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Local group releases 7-Train ‘Survival Guide,’ Aims to help hapless riders


July 28, 2016 By Michael Florio

7 train riders now have a lot more information about their troubled train at their fingertips.

Access Queens, a transit advisory group, released its 7-train survival guide yesterday, which offers facts, figures and tidbits about each station along the line, according to Brandon Mosley, Creative Director with the group.

The guide provides an array of tips, such as how to avoid crowds as well as the best exit to take when leaving a particular station.

The guide reviews all 22 stations along the 7-line and provides information such as whether a station is handicap accessible, whether construction is planned and what are the most common complaints. It also suggests alternative bus routes in case the train is down.

Users can simply head to the survival guide on Access Queens’ website and click on each stop.

For example, the most common complaint about the 40th St- Lowery Street station deals with the frequent service delays.

The complaints were gathered from an Access Queens Facebook survey, Mosley said. He said these results best replicate the experience of riders.

“There is a disconnect between what the MTA thinks [about customer experience] and what we actually experience,” Mosley said.

The guide also states if the stop is local, express, or both, and facts about each station, such as when it opened.

Mosley also hopes to incorporate what stations have a police booth, or an MTA agent.

Access Queens will continue to update the survival guide, Mosley said.

The organization is comprised of Queens residents who seek a better 7 line. It was founded in 2015 by Sunnyside resident Melissa Orlando after she created the Facebook group 7 Train Blues, which now has over 2,100 members.

Riders use the Facebook page to update fellow riders of service issues in real time.

“There is a need for information and we provide it,” he said. “Sometimes the MTA’s site isn’t always accurate or up to date.”

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Pedro Valdez Rivera Jr.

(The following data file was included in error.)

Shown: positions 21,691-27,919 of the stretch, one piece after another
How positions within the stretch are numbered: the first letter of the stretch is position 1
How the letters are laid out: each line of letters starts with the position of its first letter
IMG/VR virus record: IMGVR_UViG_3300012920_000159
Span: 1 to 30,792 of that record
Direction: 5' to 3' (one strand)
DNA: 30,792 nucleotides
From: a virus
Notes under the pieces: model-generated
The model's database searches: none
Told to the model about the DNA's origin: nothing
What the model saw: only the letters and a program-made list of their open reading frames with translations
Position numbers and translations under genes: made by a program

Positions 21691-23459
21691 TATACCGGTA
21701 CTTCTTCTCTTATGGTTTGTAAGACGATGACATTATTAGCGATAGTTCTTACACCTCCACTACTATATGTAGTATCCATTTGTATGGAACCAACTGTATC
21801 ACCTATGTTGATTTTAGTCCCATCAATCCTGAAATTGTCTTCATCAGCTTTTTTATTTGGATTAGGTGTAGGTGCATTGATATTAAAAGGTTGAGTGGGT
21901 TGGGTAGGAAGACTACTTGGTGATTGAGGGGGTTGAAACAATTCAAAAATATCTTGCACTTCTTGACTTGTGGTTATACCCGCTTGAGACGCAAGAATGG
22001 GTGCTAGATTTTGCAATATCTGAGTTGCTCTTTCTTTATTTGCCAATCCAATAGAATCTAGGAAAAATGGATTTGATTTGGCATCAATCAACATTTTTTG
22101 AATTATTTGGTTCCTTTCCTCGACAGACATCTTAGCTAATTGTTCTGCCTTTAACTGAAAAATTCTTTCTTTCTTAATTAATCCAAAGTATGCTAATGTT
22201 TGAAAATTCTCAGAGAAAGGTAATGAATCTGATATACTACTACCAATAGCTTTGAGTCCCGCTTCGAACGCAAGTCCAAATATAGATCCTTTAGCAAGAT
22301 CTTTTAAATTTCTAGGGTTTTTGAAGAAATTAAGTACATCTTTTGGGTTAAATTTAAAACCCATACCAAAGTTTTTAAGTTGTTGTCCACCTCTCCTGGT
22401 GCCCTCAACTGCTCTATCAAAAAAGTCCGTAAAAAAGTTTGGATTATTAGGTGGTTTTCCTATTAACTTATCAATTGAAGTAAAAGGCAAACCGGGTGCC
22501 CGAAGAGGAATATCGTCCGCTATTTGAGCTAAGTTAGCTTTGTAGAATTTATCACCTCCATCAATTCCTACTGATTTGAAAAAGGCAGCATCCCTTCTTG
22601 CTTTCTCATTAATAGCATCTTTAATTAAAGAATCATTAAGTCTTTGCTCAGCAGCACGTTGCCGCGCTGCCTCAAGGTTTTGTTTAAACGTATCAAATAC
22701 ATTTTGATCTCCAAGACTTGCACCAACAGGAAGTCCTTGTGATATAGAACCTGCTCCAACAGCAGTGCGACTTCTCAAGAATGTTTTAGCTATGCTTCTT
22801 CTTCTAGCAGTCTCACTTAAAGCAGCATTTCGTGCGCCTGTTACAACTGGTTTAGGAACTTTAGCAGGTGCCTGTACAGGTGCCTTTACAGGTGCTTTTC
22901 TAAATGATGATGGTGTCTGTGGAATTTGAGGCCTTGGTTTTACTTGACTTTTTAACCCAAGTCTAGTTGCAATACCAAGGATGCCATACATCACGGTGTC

Very creative, very essential, very informative, very realistic, very simplistic, as well as wery unique in educating the issue on one of the most busiest lines in the entire NYC Subway system.


Yeah, that crap is just lip service to justify a line that has been neglected for decades. The 7 train gets a paint job? Great. Nice, in light of the Cuomo modernization plan for 31 stations in Queens. None on the 7 line.

Punish the filthy rich

I have not much new to say about this but it is just a shame that we cannot get a more efficient subway system in a city like New York. There should be a soecial tax on livery services to subsidize transport for the people who have no choice.


Despite the irritating tone of chipper helpfulness, this would be a decent idea if it the information given weren’t completely useless. No one is going to walk from 52nd St to M/R at Northern Boulevard. If anything, it’s a faster walk to 74th St, or take the outbound 7 there. Also, it doesn’t list construction going on *right now* at the 52nd St station, insisting only there are no “future plans.”

But thanks for letting us all know that “the LIRR is more expensive than NYC Transit services and does not run as frequently.” Nobody who lives in Queens knew that.

hillary chooses neil diamnod for VP?!

lotta people complain but im proud to call the 7 trains my ride! gets me to work 5 days a week, out on the weekend to anywhere i want to go in this great city. Dont have to wait long, above ground views – and when it makes a left near Silvercup and you get a glimpse of the skyline….. nice


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